LOGOLOGY

How Supreme Created the Most Valuable Logo of All Time

Is the streetwear company that gamified artificial scarcity really worth billions?

James I. Bowie
Marker
Published in
6 min readJan 7, 2021

--

The Supreme logo replicated several times over a red background with various templated graphs and lines.

The November sale of streetwear icon Supreme to apparel and footwear giant VF Corporation for north of $2 billion raised the question of what exactly was the retail conglomerate getting for its money? To the uninitiated, Supreme’s business model seemed to be based on little more than slapping its familiar red and white “box logo” on T-shirts and sweatshirts produced in limited numbers to create a perception of exclusivity. Could a logo really be worth that much?

The value of intangible assets like logos has been a topic of conjecture for more than a century. In 1912, the most valuable trademark in the world was said to be that of Royal Baking Powder: The company considered its name to be worth “$1,600,000 a letter,” for a total of $715 million in today’s dollars. Coca-Cola’s name, in contrast, was seen to be worth only $5 million at the time, an inflation-adjusted $132 million today.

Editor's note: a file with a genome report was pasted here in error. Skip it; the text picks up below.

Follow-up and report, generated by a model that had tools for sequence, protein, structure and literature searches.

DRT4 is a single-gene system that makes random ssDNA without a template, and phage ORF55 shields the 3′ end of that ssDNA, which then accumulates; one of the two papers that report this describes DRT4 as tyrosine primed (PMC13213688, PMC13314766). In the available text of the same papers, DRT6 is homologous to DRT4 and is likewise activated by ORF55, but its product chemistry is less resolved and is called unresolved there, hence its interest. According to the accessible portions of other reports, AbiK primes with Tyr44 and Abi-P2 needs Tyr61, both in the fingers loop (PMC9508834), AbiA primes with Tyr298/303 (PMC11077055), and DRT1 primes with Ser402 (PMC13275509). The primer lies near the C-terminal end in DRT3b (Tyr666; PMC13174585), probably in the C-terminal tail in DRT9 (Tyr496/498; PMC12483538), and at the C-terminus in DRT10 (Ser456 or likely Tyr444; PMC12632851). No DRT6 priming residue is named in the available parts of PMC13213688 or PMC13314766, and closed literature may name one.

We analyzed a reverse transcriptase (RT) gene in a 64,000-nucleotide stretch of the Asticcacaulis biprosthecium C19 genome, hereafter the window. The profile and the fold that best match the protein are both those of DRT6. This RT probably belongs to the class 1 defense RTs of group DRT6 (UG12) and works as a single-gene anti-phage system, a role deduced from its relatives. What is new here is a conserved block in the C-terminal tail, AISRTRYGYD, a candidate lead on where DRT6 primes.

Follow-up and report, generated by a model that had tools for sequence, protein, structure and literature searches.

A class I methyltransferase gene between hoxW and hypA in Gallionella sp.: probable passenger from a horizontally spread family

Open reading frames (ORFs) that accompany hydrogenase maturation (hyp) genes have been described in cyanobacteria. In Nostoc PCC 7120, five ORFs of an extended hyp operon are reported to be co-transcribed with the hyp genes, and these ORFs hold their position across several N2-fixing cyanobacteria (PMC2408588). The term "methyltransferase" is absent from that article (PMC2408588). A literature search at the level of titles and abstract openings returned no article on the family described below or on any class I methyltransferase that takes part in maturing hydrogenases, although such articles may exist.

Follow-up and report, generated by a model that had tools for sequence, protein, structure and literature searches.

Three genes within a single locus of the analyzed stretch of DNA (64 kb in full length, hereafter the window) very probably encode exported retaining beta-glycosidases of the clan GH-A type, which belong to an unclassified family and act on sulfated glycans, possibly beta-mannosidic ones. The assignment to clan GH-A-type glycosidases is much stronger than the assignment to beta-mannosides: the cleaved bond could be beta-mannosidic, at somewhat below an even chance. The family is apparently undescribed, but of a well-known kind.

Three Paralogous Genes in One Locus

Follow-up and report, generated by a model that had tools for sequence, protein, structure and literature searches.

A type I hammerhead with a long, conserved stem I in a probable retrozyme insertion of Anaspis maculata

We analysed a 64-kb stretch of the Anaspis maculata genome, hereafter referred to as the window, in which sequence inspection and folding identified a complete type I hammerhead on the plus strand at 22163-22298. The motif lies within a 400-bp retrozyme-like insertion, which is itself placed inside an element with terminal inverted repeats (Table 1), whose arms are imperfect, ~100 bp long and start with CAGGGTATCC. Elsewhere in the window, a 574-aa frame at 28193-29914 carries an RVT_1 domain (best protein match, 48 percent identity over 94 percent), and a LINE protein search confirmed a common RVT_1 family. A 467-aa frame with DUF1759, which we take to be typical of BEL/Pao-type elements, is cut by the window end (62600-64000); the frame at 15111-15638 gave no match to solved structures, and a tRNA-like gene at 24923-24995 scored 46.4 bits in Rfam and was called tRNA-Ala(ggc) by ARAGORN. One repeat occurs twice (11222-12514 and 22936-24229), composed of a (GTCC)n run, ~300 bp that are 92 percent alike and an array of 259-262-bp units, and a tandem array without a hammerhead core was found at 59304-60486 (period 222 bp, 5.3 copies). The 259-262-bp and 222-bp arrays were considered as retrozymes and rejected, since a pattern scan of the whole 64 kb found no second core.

Obviously, it’s quite difficult to attach a dollar figure to names and logos. In the days when a company’s worth was measured mainly in terms of the factories and file cabinets it owned, any excess value beyond that of those physical assets was lumped into a murky category called “goodwill.” The importance of goodwill has long been recognized and is still practiced in accounting today. As legal scholar Edward S. Rogers noted in 1910, “The good will of a business is often of greater value than all the tangible property, and a trade mark is nothing but good will symbolized.”

Supreme is an entity of pure goodwill, and it’s easy to place the box logo at its epicenter. As a recent Christie’s auction catalog put it, “Equally at home on both the sidewalk and the catwalk, the Box Logo is the pumping heart of the brand, and is now more highly coveted than ever before.” The wordmark, set in white Futura type against a red background in a style appropriated directly from artist Barbara Kruger, is the focal point of many of the company’s products (or “pieces,” if you will).

--

--

James I. Bowie
Marker
Writer for

Principal at Emblemetric, Sociologist at Northern Arizona University. Data-driven reporting on trends in logo design: Emblemetric.com